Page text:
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Thread: Durability of Shoulder Mounts

  1. #1
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    Default Durability of Shoulder Mounts

    I was wondering how well shoulder mounts fare during family moves. I am in the military and still have a good 4 or 5 moves ahead of me before retirement and I am concerned that a mount will get beat up to the point of looking awful or becoming unrepairable. I am very hopeful for a sheep this fall and would really like to have a shoulder mount done but I don't want to spend all of that money if mount will not survive all of the future moves. I really like the European style mounts, but to me, the European style sheep mounts are not quite the same as the full shoulder mounts.

    Thanks for the help.

    John

  2. #2
    Moderator hunt_ak's Avatar
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    I've got a shoulder mount bou that's been all over before I finally stuck him on the wall...

    3-4 trips to the kenai, in and out of my brothers apartment, to the ABA banquet, back to wasilla when we moved...still looks good to me.

    The only thing the taxi told me was to handle the antlers as least as possible just reduce any chance of the skull plate working loose from the form..

  3. #3
    Moderator hunt_ak's Avatar
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    I forgot to say that whenever it was off the wall, it was bolted to a sheet of plywood large enough to cover the 'footprint' and keep it from falling over and antler tips rubbing.

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    Member tiger15's Avatar
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    I have an antelope, pheasant, trout and a few turkey tail fans that have survived at least three moves so far. I really get involved in the packaging of the mounts during the move and pay particular attention to how they pack them. Also, follow the package out to the truck and make sure it is pack on top of the pile of boxes to prevent pressure damage during transport.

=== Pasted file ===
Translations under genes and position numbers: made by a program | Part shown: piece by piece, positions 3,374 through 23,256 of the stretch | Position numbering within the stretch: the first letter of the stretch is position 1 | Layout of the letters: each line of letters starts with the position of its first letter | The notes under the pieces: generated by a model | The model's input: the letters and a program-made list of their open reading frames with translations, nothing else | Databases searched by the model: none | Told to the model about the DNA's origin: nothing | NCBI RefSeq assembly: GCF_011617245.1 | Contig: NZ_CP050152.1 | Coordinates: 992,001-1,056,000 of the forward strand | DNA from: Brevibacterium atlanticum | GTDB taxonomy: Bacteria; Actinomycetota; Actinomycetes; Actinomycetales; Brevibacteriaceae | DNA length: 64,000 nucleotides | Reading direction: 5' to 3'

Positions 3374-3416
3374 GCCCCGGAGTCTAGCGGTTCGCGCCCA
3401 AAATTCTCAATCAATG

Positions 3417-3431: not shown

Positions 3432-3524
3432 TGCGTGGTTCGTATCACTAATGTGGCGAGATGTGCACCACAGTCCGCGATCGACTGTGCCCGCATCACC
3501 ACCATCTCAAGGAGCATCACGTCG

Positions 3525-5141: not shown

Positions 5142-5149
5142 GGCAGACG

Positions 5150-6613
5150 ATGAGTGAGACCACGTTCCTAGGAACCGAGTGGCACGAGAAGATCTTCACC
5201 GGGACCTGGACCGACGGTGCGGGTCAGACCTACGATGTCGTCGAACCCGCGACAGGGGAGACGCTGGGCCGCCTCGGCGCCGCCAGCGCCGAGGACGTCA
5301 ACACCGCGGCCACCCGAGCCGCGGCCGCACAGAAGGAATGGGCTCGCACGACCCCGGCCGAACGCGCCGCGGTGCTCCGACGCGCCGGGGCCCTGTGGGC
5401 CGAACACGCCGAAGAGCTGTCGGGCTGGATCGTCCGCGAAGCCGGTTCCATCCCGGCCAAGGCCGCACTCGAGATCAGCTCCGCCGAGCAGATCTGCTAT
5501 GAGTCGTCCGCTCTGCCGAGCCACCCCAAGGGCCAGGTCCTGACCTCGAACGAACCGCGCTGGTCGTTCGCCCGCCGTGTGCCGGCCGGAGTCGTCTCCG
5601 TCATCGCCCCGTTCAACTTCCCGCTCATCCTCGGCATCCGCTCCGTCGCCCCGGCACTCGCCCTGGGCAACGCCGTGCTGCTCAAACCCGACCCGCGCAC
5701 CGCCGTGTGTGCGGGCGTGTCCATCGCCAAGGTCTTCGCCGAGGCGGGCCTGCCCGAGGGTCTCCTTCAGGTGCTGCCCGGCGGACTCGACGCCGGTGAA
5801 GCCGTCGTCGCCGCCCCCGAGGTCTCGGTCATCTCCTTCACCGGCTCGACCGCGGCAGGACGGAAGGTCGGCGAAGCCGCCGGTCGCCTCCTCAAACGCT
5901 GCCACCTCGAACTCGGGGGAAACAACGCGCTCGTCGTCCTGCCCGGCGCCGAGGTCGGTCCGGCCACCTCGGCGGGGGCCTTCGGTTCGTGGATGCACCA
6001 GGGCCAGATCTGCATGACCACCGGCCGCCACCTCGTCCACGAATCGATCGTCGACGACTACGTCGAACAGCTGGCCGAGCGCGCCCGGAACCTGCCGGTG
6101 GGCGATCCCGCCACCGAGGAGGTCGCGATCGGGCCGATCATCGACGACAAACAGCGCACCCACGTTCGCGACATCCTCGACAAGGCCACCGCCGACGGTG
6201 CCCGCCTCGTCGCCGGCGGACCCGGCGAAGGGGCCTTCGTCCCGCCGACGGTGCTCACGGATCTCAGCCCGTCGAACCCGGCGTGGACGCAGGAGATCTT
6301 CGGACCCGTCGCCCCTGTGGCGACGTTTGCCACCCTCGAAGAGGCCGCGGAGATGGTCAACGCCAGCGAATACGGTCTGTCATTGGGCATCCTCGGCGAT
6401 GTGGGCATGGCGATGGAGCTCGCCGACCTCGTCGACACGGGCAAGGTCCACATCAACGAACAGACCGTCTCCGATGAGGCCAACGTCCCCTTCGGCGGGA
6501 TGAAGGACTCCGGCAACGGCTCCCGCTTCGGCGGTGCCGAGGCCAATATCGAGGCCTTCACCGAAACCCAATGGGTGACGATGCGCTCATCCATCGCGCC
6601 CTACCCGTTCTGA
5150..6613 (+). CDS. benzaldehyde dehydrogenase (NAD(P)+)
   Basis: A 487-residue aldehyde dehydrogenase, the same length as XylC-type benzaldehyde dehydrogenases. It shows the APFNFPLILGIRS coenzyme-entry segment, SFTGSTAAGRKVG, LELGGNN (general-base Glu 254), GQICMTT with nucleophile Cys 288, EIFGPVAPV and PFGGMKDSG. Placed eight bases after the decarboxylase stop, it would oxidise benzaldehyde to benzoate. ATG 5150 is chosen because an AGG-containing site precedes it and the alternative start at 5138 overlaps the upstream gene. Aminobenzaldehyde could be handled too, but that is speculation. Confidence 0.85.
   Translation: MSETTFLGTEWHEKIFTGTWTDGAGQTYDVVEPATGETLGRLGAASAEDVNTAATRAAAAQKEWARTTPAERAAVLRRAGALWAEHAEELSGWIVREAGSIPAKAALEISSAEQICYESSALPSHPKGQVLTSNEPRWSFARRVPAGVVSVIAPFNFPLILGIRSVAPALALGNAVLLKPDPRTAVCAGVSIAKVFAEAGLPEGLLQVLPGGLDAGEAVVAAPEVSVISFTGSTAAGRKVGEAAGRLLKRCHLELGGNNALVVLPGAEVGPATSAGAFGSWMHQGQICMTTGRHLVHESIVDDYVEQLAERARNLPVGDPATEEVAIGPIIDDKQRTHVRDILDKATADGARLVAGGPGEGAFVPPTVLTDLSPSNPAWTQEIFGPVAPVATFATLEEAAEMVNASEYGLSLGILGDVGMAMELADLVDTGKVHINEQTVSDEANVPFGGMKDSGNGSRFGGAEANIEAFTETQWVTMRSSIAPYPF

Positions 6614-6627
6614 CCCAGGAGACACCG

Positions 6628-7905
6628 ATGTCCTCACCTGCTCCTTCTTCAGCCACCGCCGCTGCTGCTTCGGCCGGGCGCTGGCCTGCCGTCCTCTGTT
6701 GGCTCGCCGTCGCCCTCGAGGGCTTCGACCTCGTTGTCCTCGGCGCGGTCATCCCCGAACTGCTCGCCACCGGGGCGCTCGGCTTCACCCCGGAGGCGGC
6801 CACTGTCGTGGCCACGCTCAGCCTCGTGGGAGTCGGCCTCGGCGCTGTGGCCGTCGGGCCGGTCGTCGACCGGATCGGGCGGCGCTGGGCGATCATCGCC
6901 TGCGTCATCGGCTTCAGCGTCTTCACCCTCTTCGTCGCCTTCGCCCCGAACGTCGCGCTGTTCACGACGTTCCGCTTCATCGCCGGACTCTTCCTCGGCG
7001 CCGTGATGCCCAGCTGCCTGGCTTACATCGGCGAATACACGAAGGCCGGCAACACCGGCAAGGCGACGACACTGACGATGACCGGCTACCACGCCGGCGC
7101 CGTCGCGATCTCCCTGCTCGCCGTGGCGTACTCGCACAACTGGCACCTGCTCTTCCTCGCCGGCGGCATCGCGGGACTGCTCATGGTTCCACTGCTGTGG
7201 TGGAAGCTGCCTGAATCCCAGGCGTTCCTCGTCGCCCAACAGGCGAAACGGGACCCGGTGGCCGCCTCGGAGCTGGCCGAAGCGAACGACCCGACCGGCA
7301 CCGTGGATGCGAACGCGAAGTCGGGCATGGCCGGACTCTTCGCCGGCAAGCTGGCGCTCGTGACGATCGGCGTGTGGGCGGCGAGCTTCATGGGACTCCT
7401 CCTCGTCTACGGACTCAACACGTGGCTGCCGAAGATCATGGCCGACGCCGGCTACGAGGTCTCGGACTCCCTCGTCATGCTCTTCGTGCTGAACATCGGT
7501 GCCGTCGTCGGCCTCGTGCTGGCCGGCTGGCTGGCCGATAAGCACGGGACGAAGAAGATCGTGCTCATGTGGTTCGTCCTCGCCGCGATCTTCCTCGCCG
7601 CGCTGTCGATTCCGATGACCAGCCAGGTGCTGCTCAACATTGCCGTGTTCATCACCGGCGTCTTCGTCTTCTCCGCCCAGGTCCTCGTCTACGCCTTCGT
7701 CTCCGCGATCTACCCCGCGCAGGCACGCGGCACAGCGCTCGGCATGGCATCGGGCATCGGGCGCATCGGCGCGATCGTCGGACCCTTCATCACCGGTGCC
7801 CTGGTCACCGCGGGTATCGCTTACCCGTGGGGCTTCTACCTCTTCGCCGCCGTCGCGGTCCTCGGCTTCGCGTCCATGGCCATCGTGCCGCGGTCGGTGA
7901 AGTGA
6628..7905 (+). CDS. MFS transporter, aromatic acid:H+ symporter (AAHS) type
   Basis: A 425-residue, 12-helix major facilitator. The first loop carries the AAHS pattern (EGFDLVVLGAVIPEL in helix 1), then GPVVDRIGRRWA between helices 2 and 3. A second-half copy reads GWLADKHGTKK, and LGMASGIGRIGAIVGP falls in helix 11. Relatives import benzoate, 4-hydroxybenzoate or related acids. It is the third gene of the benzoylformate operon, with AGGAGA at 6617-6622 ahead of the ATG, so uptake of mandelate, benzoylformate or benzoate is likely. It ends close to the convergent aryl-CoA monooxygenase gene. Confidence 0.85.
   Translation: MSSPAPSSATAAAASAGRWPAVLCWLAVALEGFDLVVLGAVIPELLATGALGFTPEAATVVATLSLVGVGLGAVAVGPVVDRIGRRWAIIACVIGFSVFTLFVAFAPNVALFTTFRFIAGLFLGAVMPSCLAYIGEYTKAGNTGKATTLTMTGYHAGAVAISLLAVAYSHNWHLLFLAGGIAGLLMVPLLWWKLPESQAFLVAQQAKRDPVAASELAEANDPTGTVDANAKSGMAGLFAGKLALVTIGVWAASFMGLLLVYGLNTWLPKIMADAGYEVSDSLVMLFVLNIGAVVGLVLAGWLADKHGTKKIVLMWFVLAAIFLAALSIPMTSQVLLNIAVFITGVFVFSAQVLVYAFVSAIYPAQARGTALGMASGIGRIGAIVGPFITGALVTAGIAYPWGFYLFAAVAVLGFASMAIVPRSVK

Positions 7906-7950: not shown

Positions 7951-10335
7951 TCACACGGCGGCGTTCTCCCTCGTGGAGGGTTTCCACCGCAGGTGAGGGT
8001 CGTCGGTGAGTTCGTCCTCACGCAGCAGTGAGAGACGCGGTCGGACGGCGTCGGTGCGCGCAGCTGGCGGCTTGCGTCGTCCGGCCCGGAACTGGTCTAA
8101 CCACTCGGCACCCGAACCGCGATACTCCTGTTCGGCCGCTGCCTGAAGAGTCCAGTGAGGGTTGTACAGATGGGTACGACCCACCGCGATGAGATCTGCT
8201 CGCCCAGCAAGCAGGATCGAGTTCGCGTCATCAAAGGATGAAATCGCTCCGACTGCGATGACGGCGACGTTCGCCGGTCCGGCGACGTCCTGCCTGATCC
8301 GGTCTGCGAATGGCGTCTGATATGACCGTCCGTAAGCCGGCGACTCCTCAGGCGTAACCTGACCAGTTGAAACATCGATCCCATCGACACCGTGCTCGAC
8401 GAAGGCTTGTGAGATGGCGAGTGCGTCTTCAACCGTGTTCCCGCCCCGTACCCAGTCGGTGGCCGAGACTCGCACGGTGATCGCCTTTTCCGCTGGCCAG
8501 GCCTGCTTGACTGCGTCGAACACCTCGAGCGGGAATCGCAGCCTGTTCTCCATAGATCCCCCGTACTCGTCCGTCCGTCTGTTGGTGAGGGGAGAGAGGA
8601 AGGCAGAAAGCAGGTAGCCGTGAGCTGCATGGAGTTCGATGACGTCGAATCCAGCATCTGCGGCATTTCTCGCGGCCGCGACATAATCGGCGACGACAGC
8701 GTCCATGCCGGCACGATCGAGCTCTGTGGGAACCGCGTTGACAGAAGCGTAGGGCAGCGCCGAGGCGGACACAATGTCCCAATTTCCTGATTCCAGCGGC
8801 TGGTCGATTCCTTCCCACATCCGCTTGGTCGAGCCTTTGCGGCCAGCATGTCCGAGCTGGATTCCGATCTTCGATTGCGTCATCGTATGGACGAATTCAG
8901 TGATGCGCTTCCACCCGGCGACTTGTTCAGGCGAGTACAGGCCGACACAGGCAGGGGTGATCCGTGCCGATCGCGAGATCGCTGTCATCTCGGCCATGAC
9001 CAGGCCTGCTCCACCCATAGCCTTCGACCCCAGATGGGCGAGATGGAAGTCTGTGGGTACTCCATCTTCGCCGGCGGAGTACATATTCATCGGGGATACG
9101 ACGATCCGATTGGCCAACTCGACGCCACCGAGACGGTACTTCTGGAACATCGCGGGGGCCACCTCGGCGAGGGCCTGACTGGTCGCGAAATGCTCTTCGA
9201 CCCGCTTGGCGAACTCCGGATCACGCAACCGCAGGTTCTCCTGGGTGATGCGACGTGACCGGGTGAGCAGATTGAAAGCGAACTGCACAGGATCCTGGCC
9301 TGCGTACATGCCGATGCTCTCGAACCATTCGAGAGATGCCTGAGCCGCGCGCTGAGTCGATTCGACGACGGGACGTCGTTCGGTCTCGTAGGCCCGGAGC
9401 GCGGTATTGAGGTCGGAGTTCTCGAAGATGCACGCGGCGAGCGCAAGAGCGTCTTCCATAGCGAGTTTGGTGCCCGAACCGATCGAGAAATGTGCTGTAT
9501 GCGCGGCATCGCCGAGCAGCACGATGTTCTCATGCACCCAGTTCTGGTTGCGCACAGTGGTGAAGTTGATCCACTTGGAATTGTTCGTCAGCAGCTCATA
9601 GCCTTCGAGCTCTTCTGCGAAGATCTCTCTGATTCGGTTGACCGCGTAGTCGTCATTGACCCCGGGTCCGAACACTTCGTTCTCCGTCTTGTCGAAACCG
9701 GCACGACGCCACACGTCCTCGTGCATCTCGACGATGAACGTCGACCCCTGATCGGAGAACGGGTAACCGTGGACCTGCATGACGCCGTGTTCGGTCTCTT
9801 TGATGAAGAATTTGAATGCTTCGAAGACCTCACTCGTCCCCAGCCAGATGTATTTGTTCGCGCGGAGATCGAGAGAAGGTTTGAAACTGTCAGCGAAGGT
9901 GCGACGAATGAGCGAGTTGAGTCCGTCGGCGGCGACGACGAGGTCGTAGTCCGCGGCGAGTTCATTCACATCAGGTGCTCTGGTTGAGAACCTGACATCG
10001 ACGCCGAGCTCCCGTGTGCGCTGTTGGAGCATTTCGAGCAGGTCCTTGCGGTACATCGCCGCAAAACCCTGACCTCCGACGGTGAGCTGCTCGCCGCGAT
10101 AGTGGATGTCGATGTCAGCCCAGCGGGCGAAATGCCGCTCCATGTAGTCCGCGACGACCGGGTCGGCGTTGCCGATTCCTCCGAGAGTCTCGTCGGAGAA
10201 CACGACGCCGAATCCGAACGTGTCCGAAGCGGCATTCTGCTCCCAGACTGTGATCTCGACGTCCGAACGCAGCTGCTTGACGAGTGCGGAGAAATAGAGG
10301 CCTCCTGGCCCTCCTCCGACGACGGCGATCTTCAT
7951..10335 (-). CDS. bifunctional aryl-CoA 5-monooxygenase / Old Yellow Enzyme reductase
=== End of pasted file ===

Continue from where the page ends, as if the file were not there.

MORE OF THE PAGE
Terry

  5. #5
    Member sharksinthesalsa's Avatar
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    if your really worried about it and all you have is a sheep ...build a crate around it.....sheep crates are really easy to build and are pretty small...usually 28inches cubed or so....use 1x4 and thin plywood or heavy cardboard to wrap it..
    "early to bed, early to rise, fish like hell, and make up lies"

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    Build your self a good crate, or have your Taxidermist make one up for you. I build them for all my out of state customers, and they can be unscrewed and stored. That is the way to go in my book.
    Alaska Mountin' Man Taxidermy
    North Pole, Ak 99705
    (907) 488-7083

  7. #7
    Member broncoformudv's Avatar
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    I have one that was done in 1990 and has made a few moves and still looks as great as it did the day I picked it up from the taxidermist. like everyone else said build a crate for it and if possible attach it to the crate.

  8. #8
    Member tboehm's Avatar
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    I know one thing that you can have done is to have your taxidermist make your antler removable. Mine charged me an extra $75 and it's worth every penny.

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    Thanks for the input - a lot of great advice. If I am lucky enough to take a sheep, I will go for the shoulder mount. Now to find a taxidermist!

  10. #10
    Sponsor Hoytguy's Avatar
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    I have over 45 mounts that I have moved across country, overseas.. back, over and back again.. I build my own crates out of 1x4's, with 1/4" plywood on the bottom and 3 sides.. the animals get put in, screwed from the outside and a crap load of bubblewrap and packing paper (that the moving company) provides.. (I am military also).. the weight of the wood is minimal..

    If your in the anchorage area.. look me up, I am a taxidermist also..

    Hoytguy

  11. #11
    Member moose-head's Avatar
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    I have a mule deer that has gotten really hot while stored. The ends of the ears split, it isn’t real bad unless you look at it closely. I think (I could be wrong) that excessive temperatures can be hard on them.
    If you board the wrong train, it is no use running along the corridor in the other direction.
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